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Simply Ramen: A Complete Course in Preparing Ramen Meals at Home Hardcover – February 19, 2016
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From the Publisher
Tamagoyaki (Japanese Omelet)
Level 2 | Makes enough for 4 ramen portions | Prep time: 10 minutes
You will need a Japanese tamagoyaki frying pan (it’s rectangular) to get a visually appealing omelet. If you don’t have one, a regular frying pan will work, but you won’t end up with the uniform rectangular shape that distinguishes this omelet.
1 In a medium-sized bowl, whisk the eggs with the green onion, shoyu, sugar, and salt until foamy.
2 Over medium-high heat, warm 1 teaspoon vegetable oil in a frying pan. Drip a tiny bit of egg in the pan—if it sizzles on contact, the pan is sufficiently hot. Add about a quarter of the egg mixture to the pan and tilt the pan so that the egg mixture covers the bottom in a thin, even layer. The egg will start cooking quickly so you’ll need to move fast.
3 Using chopsticks, gently roll the egg mixture tightly toward you from the part of the pan farthest from the handle.
4 Quickly add a little more cooking spray to the exposed part of the pan.
5 Pour another quarter of the egg mixture into the pan, lifting up the cooked portion to get some egg mixture underneath it to cook.
6 Roll the egg mixture away from you this time as it combines and attaches to the cooked egg layer. Nudge it to the back to the front of the pan, where you started before.
7 Repeat two more times until you’ve used all of the egg-the omelet will obviously increase in size with each layer.
8 Roll the omelet out of the pan and you should have a rectangular-shaped block with your layers of egg. Let cool and slice vertically before serving.
- 3 eggs
- 1 green onion, chopped
- 1 tsp shoyu (soy sauce)
- 1 tsp sugar
- 1⁄4 tsp salt
- Nonstick cooking spray
Tonkatsu Tonkotsu Ramen
This porky ramen brings together two basic elements of the Japanese kitchen: tonkatsu, the breaded and fried cutlets that are so popular as a lunch dish and often included in bento boxes; and tonkotsu, the creamy white stock made from long-cooked pork bones, one of the classic bases for ramen.
About the Author
Amy Kimoto-Kahn was born in Fullerton, California, and now lives with her family in Boulder, Colorado. She is Yonsei, or fourth-generation Japanese-American, and a mom of three. She is a graduate of the Miyajima Ramen School in Osaka, Japan, and has taught a popular series of Asian-inspired cooking classes for Williams-Sonoma. She shares her Japanese-American homestyle, kids-will-like-it-too recipes on her blog, Easy Peasy Japanesey. When she is not cooking, she runs a mom-focused marketing firm, Fat Duck Consulting that she founded in 2008. She is the best-selling cookbook author of Simply Ramen (Race Point, 2016) and Simply Hot Pots (Race Point, 2019).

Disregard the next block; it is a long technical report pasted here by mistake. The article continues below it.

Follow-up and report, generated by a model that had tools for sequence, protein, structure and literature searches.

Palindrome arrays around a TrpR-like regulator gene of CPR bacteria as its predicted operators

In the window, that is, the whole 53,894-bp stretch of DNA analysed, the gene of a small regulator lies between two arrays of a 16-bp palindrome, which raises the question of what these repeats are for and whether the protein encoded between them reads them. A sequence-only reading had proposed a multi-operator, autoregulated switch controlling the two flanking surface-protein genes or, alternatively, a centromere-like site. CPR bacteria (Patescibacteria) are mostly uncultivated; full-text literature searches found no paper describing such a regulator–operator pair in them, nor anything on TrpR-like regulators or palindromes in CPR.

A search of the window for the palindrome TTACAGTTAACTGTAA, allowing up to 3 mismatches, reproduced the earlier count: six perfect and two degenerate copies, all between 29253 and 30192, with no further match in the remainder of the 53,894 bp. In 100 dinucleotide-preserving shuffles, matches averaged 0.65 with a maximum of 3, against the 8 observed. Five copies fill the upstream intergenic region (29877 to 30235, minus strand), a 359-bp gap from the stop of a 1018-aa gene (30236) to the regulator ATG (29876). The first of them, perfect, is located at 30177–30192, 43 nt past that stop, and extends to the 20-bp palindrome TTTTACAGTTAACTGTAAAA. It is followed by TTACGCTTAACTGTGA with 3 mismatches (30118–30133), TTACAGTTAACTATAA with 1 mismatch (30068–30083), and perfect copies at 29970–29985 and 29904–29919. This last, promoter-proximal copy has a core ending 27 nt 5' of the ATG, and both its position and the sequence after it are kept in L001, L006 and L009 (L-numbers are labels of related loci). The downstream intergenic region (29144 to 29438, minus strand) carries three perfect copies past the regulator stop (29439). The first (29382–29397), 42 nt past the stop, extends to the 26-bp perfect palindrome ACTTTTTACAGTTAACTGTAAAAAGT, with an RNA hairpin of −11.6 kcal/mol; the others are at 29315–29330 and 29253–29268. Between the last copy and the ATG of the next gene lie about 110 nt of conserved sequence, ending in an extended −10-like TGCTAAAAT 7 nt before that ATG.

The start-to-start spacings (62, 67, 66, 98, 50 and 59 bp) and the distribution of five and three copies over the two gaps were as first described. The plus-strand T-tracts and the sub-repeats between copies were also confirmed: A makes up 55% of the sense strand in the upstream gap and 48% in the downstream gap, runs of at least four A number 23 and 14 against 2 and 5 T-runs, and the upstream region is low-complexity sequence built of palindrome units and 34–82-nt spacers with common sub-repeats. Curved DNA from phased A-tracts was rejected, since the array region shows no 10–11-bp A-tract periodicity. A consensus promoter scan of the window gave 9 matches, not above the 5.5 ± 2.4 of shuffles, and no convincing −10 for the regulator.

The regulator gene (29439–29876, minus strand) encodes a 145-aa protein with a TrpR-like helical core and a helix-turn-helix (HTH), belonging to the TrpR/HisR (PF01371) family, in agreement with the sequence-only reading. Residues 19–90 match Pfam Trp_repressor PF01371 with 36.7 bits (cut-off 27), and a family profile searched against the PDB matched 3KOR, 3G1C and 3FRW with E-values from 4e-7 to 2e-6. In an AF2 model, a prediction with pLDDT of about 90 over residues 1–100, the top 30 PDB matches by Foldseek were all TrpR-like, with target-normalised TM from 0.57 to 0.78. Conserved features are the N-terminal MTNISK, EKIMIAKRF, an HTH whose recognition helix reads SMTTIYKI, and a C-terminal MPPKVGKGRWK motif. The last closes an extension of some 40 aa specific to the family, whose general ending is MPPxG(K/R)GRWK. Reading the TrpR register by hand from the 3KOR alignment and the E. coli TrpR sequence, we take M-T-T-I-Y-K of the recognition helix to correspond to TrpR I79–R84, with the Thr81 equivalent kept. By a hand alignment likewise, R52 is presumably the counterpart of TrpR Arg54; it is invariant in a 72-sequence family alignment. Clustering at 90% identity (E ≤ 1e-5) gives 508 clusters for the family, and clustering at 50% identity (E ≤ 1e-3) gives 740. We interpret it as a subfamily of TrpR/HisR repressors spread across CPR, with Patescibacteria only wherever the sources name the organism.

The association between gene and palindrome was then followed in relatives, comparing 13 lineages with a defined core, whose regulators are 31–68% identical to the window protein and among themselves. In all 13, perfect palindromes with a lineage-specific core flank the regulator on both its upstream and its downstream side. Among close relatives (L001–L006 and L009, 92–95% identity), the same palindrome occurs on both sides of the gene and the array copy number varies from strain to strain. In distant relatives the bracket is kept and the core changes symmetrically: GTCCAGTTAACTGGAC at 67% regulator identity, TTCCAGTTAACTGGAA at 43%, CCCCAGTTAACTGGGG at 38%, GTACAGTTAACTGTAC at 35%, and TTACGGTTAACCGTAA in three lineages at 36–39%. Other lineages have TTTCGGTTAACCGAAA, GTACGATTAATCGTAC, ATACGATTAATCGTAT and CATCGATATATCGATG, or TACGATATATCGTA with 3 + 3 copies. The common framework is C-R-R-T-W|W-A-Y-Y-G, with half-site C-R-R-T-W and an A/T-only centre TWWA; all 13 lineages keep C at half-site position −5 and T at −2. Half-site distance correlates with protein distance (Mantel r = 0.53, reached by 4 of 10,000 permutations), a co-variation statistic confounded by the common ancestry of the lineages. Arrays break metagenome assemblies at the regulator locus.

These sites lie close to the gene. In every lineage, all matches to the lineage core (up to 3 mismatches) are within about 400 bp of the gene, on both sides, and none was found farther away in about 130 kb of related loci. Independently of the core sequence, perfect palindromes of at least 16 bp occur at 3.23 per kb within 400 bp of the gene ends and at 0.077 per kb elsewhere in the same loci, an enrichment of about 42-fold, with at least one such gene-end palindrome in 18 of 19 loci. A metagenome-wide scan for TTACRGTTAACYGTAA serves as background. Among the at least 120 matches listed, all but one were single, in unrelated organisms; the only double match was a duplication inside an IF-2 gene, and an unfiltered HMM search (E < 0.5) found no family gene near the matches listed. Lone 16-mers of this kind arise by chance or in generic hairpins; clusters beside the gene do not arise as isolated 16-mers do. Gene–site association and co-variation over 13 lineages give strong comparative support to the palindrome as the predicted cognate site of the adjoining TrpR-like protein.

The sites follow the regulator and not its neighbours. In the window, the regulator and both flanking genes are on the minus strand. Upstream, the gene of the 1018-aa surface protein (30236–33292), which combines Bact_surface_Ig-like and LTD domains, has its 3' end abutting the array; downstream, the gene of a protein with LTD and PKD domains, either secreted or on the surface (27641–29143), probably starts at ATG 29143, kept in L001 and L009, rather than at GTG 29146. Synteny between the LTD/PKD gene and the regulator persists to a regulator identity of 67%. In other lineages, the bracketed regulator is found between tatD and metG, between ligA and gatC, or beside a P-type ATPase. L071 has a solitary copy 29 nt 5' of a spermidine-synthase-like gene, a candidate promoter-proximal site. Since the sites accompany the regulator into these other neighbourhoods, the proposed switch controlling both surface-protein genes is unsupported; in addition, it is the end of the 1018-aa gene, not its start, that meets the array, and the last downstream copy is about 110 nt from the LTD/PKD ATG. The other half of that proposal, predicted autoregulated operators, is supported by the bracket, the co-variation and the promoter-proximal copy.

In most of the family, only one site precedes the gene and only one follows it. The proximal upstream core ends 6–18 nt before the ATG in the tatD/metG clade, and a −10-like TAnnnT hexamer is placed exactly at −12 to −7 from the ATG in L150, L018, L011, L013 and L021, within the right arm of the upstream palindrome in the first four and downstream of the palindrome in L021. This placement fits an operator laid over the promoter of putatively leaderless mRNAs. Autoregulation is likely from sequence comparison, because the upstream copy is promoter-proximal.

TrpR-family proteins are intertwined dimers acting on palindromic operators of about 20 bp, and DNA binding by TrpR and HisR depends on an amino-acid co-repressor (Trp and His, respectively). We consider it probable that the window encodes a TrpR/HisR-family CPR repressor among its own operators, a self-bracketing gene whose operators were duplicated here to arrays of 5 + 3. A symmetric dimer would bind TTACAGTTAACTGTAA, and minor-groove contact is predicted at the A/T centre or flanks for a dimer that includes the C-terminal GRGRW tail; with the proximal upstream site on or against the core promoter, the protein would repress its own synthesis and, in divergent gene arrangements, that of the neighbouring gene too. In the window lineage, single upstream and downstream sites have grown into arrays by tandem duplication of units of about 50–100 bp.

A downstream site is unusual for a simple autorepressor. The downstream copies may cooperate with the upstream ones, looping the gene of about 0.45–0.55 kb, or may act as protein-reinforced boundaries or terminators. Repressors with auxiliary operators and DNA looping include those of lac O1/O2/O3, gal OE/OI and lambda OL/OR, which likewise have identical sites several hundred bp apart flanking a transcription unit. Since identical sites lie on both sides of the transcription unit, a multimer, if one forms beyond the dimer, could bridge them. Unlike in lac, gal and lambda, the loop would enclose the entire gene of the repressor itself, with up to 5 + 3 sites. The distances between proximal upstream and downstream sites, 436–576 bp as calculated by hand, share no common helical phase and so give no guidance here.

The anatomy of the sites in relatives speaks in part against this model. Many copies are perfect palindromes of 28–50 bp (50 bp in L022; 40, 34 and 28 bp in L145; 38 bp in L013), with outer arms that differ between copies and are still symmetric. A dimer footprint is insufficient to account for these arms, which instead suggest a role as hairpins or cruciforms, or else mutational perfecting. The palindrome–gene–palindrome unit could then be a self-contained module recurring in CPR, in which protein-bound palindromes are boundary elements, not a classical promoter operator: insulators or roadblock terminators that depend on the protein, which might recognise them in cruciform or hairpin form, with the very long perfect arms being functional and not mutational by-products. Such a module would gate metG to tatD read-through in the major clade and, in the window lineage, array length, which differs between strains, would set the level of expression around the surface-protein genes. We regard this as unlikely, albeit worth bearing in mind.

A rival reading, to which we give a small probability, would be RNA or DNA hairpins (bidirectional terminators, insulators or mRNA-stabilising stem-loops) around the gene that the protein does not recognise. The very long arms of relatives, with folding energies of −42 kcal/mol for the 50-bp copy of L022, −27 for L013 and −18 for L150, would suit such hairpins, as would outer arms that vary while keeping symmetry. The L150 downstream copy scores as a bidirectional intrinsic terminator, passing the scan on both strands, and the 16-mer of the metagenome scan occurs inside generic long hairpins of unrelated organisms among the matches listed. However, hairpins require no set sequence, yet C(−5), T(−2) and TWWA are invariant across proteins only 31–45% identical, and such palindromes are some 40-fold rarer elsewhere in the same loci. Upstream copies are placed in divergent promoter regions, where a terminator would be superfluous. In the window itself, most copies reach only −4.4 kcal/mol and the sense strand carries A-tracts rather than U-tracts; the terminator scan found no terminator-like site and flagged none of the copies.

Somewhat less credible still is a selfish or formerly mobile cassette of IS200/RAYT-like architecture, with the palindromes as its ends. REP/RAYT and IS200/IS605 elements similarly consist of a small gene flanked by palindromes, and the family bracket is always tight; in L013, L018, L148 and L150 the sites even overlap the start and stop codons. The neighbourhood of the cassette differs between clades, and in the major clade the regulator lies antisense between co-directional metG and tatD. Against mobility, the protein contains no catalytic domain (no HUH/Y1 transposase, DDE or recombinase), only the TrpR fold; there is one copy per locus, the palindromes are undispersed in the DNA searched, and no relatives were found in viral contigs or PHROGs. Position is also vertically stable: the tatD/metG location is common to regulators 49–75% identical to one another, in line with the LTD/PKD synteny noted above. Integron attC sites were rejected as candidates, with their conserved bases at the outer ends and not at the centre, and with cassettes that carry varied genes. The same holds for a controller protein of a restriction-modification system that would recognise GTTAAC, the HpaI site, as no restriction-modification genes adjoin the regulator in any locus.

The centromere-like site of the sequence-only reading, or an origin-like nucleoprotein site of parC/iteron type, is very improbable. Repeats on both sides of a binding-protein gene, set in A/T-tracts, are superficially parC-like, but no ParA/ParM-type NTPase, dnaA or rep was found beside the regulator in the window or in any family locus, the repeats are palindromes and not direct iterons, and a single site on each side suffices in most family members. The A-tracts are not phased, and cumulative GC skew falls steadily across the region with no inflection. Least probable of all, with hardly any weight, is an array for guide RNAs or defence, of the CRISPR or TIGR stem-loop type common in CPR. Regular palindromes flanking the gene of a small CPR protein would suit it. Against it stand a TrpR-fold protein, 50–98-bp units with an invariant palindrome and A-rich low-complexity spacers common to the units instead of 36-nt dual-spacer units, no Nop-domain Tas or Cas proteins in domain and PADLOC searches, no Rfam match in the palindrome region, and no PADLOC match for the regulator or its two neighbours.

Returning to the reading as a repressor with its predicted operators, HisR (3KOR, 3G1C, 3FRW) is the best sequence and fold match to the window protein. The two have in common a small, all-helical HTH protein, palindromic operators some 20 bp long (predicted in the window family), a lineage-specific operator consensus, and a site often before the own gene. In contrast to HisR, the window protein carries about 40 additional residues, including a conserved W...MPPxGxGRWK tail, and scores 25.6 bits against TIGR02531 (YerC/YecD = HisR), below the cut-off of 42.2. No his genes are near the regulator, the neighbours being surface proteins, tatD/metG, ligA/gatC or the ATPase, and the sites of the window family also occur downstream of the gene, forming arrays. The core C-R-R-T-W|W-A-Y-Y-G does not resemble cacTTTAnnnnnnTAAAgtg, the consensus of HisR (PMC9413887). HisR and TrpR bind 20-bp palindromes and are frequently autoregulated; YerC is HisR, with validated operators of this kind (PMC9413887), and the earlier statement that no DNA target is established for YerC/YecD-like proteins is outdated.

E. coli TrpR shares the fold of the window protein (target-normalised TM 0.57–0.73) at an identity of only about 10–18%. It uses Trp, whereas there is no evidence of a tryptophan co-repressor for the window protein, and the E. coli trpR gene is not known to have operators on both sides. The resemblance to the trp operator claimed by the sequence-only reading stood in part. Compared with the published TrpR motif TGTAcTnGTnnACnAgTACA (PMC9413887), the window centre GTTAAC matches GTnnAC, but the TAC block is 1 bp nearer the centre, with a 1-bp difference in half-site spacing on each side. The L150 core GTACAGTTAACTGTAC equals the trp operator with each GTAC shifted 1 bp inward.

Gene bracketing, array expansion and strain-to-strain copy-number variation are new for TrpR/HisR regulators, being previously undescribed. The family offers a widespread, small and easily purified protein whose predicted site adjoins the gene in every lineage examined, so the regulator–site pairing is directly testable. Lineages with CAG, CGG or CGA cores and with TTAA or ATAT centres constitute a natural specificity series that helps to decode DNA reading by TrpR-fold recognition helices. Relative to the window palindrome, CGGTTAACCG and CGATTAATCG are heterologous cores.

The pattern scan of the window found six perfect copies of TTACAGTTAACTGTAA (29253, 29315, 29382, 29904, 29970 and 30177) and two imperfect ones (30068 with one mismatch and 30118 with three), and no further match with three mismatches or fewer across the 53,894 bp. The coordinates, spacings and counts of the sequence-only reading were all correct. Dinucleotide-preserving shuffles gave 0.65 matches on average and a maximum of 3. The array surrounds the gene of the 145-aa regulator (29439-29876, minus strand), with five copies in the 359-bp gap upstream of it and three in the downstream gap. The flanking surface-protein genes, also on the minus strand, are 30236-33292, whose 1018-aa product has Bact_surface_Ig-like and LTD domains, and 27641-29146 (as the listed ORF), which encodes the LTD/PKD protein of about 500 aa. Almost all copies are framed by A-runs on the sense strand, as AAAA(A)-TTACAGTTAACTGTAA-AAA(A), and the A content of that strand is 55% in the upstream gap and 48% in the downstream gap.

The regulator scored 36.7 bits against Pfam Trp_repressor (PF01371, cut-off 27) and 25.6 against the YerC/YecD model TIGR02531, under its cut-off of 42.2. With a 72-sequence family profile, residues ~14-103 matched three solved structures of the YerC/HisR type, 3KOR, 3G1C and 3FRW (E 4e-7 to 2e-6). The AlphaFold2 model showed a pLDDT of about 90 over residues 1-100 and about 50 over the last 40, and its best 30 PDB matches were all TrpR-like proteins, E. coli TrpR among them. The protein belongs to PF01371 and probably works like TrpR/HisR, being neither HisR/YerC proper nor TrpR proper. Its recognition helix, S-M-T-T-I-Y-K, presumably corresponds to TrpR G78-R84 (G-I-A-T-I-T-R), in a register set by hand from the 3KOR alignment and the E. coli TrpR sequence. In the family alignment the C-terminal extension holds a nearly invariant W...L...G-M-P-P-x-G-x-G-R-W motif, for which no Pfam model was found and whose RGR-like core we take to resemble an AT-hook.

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There is a lot to Ramen (which surprised me) so this book will require a bit of prep and learning first for the novice. It is NOT something you can pick up an hour before dinner is due and throw something together. The best Ramen bowls are well planned, and depending on how fresh you want your bowl, may be prepared over several days.
Over all, the quality of the product that this book produces is unmatched. Forget about serving $0.25 packs of dried up noodle soup and enjoy your own rich delicious noodles, for home or to impress!
Now with that being said, the recipes themselves - I don't know WHAT happened, or maybe others have a higher salt/sodium tolerance than I do, but the first recipe out the gate - the Miso base - was inedible due to the atrocious saltiness. I followed this recipe to the smallest detail and ensured that I reread everything twice (I'm serious about my ramen, man!). One sip and I had to spit it back out. I went back to the book again, to see if I missed something or measured something incorrectly. Nope, everything was done correctly. Nothing missed. I decided to try to add more chicken stock to the base. Doesn't help.
Girl, if this ramen came in an instant package, its flavor would be labeled "SALT", because that is literally all you can taste. Despite all of the other ingredients that SHOULD make this a well-rounded dish.
I'm going to try the tonkatsu base and see if I get different results, but if it turns out to be more of the same, this cookbook will be resold on Amazon super quick.
Top international reviews
adatto a chi non si accontenta dei soli sapori giapponesi.
Questo è quanto di più vicino ho trovato. Se pur di origine giapponese, la famiglia dell'autrice è americana da generazioni, con quel che presumibilmente ne consegue sulla formazione del gusto dell'autrice stessa. A suo favore ci sono gli studi specifici seguiti a Tokio e non è poco.
Il libro si presenta molto bene, con una veste grafica molto curata e bellissime fotografie. Tutto è descritto accuratamente e le spiegazioni sui procedimenti sono facili da seguire. Vista la formazione accademica dell'autrice conto sul fatto che le ricette e le tecniche basi siano conformi a questa antica e prestigiosa tradizione, per le altre ricette non c'è che da provarle, magari togliendo un po' di zucchero.
Alle Basics sind super erklärt und man kann so Schritt für Schritt zum Ramen Spezialist werden.
Neben ein paar Snacks gibts auch jede Menge Info zu Ramen als solches.
Die Bilder sind wunderschön und mach allein beim ansehen schon Appetit.
Auf jeden Fall zu empfehlen ist der blog: easypeasyjapanesey bzw. die gleichlautende Website (.com)
Mas o que mais me surpreendeu foi a ausência de receitas dos caldos que são misturadas as receitas base. A autora apenas indica que as bases devem ser misturadas ao caldo de sua preferência, dando a entender que caldos industrializados, comprados em supermercados tem sabor idêntico aos feitos em casa. Uma pena.